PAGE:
Then Illinois law will dictate who takes possession of your assets and who manages your estate through a lengthy and expensive process. Additionally, if you have minor children, a judge will appoint a guardian for them.
Yes, you are legally permitted to prepare your own Will. However, a Will, like all estate planning documents, must be drafted and executed in such a manner that it comports with Illinois law. Furthermore, depending on your situation, estate and gift tax consideration may render preparing just a Will inappropriate and inadvisable. A qualified attorney can evaluate your situation, discuss your goals with you and draft an estate plan that you can be sure complies with the law and achieves what you want. Furthermore, if you retain Hess Law Firm to prepare your estate plan, you will be kept up to date on changes in the law so that you can determine whether you need to update your estate plan.
Generally, yes, you may modify your Will at any time by executing a document called a "Codicil," or you can completely revoke your Will by executing a subsequent Will. You should consider making revisions to your estate plan every five to seven years, or immediately following any major life event, including marriage, divorce or death of a loved one.
Yes, a Trust can be of great benefit to most individuals and families for a variety of reasons. Even with a Will, the probate process may last several months, or sometimes over a year to complete. By placing your assets into a Trust, you may be able to completely avoid the intervention of the probate courts. Furthermore, by placing your assets into a Trust, you may be able to keep your assets, and the disposition of those assets, private. When you die, a Will needs to be filed with the court, thereby becoming a public record.
No. Wills must be filed with the court and admitted to probate, but having a Will streamlines the administration of your estate and reduces costs significantly. A Will drafted by a competent attorney can help you avoid certain costs, such as the cost of a surety bond which normally must be purchased by law. A Will also enables your loved ones to avoid unnecessary delays and carry out the terms of your Will in an efficient manner with little supervision by the court.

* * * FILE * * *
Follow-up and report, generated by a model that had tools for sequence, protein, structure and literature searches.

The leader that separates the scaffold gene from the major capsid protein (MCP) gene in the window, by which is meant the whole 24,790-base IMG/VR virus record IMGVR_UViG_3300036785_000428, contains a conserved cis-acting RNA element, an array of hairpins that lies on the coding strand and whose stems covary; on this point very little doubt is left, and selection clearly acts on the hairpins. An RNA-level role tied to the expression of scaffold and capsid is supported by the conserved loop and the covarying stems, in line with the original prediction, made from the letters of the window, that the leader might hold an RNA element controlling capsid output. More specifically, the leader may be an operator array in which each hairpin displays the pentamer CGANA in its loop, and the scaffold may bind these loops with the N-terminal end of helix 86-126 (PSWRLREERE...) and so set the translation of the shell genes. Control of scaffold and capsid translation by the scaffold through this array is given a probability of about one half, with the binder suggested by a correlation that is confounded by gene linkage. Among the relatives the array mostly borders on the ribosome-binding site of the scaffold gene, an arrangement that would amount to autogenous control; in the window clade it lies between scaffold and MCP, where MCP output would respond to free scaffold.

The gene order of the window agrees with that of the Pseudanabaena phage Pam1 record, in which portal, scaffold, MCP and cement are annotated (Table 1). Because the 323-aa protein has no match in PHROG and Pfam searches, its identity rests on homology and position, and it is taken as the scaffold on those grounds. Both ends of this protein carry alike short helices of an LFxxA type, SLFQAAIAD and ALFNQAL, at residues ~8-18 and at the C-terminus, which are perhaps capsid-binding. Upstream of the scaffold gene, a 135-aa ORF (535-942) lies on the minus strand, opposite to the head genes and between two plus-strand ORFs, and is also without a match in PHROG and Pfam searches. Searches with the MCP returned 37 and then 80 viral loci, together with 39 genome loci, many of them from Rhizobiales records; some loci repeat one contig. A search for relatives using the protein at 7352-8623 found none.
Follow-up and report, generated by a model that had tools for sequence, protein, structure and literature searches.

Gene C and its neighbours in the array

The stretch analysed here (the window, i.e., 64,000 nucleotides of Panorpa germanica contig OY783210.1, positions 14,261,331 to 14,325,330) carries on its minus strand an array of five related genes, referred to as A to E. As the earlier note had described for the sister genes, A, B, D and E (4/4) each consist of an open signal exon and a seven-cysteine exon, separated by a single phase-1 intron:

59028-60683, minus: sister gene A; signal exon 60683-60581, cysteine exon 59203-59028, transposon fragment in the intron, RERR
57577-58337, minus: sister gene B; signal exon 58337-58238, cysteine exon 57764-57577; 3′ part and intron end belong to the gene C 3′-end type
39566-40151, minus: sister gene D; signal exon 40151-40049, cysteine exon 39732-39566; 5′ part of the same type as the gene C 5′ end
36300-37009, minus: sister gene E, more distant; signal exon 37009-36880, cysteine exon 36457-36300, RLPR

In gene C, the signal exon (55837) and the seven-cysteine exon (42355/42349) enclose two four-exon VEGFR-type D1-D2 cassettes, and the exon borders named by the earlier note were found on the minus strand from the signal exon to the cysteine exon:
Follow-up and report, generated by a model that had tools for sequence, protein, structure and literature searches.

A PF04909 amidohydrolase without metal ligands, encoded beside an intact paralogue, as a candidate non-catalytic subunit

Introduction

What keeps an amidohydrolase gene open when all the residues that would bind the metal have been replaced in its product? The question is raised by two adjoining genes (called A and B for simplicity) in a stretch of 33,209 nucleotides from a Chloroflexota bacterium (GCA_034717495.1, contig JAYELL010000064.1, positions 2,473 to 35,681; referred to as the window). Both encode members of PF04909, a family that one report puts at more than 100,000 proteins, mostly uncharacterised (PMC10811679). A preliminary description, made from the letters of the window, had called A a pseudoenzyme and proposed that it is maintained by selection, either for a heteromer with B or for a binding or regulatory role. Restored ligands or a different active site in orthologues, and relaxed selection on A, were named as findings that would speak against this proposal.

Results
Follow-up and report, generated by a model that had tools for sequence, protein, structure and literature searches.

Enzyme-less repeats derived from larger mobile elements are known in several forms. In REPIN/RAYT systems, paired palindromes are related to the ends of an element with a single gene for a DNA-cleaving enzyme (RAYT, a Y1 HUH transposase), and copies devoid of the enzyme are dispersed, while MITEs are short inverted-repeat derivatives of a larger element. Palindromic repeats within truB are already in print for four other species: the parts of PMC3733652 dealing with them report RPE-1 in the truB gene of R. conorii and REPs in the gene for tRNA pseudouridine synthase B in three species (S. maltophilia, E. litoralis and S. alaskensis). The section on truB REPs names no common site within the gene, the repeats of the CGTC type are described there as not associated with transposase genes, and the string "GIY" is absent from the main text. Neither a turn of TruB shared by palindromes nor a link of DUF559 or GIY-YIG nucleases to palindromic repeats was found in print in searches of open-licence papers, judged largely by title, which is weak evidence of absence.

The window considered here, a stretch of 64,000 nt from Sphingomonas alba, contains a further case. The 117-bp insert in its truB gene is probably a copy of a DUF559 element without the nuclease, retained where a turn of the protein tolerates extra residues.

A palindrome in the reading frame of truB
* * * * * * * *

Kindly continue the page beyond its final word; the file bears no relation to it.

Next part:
Probate is the formal legal process through which a person’s assets is transferred after their death. The entire probate process is supervised by a court of law and is aimed to protect anyone who has a legal interest in a deceased person’s estate, including not only creditors but also heirs or legatees who may have been disinherited in a person’s will. From start to finish, the probate process usually takes anywhere from nine (9) to fourteen (14) months.
If a person died with a will, the person who represents the estate in probate court is called an executor. When a person dies without a will, assets are transferred pursuant to the intestacy laws and the estate is represented by an administrator. Under either scenario, the estate must be represented by an attorney in probate court. Click HERE to read more about that.
In Illinois, only those estates that exceed $100,000 in value must go through probate. Assets that are owned by estates valued at less than $100,000 can be transferred by the execution of a “Small Estate Affidavit.” Therefore, one goal of estate planning is to structure a person’s assets so that total assets owned in one’s name, individually, totals less than $100,000.
There are many ways to structure your estate so that the total value of property owned by you, individually, totals less than $100,000, such as putting assets in a trust. For more information about preparing an estate plan that avoids probate, thus saving your loved ones the time, expense and heartache that often goes along with it, click HERE.
Like most things in the law, it depends. Although you may have been nominated to be the executor of an estate in a person’s will, you cannot serve as an executor until the will is admitted to probate and you are appointed executor by the probate court.
When a person dies with will, the first step is always to obtain the original will and file it with the clerk of the circuit court where that person resided at the time of their death. Even if no probate estate is ultimately opened, all wills need to be filed with the court.